Gov. Spitzer ordered the immediate inspection of the 49 deck truss bridges in New York similar to the Minnesota bridge that collapsed earlier this week, but city politicians are stressing that New Yorkers have nothing to fear from their bridges. Despite the fact that the majority of the city's bridges were ranked only fair to poor in their most recent survey, Mayor Bloomberg insisted that they are perfectly safe. In a radio address, the mayor actually pointed out that the condition of city bridges was improved from just a few years ago. "We used to have - about 10 years ago - we had 40 bridges that were rated poor. That is down to three." He also emphasized that the Brooklyn Bridge––the only major crossing to receive a ranking of poor––was only in need of work on its ramps and that the suspension bridge itself was in perfect condition.
Councilman John Liu, who is the chairman of the City Council's transportation committee said that he would not hesitate to cross any of the city's bridges, but admits that questions about their safety linger and has scheduled a hearing on the matter for early September. A 2006 Dept. of Transportation report on the city's eight deck truss bridges found one of them, the Brooklyn Bridge, to be in poor condition. Four were deemed fair and the West 207th St. bridge over the Harlem River received a rating of good. Ratings for the remaining two were unavailable.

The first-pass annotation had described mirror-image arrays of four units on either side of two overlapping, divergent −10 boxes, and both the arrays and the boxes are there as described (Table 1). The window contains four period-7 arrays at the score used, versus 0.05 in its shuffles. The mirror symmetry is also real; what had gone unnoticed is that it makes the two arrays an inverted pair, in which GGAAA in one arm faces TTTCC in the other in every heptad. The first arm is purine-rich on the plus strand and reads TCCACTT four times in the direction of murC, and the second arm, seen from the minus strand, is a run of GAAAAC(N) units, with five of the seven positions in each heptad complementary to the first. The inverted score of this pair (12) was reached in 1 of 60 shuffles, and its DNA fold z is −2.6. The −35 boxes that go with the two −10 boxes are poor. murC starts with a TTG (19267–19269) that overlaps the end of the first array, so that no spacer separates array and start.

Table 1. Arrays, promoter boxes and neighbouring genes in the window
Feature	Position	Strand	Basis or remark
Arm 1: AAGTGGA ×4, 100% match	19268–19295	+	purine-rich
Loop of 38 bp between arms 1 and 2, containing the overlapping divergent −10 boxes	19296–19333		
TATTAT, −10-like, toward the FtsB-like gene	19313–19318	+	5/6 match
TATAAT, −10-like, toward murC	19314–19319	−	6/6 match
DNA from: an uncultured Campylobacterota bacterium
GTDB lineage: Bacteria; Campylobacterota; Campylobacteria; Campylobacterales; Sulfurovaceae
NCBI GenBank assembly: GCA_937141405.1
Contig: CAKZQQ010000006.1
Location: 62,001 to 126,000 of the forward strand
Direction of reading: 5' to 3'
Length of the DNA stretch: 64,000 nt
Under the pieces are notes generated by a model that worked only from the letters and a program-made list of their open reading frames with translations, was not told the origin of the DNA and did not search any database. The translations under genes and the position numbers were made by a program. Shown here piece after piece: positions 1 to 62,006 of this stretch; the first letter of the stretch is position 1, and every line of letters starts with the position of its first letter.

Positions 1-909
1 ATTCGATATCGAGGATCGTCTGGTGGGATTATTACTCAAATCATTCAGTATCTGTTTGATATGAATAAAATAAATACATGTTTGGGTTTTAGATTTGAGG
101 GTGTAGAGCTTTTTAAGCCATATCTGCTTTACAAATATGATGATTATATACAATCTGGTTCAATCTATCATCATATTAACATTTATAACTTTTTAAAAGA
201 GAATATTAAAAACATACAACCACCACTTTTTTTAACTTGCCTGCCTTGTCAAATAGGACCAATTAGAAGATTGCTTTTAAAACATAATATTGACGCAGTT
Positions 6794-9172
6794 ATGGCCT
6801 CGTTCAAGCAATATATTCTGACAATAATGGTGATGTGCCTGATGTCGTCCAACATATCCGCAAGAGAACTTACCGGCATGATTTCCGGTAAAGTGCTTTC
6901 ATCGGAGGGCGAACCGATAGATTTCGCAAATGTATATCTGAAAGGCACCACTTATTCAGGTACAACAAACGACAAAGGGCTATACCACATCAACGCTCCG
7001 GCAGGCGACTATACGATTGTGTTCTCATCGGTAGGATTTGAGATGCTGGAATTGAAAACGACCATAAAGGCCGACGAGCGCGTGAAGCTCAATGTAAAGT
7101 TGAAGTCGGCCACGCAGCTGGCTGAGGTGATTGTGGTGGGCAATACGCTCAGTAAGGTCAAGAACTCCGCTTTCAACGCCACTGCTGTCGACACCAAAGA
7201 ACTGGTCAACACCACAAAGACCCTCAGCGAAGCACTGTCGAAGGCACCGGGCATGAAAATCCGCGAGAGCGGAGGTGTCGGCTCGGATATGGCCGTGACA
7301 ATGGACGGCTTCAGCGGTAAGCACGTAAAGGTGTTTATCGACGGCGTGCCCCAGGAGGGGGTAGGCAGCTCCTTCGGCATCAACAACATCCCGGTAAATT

(Brooklyn Bridge in fog, by sklose at flickr)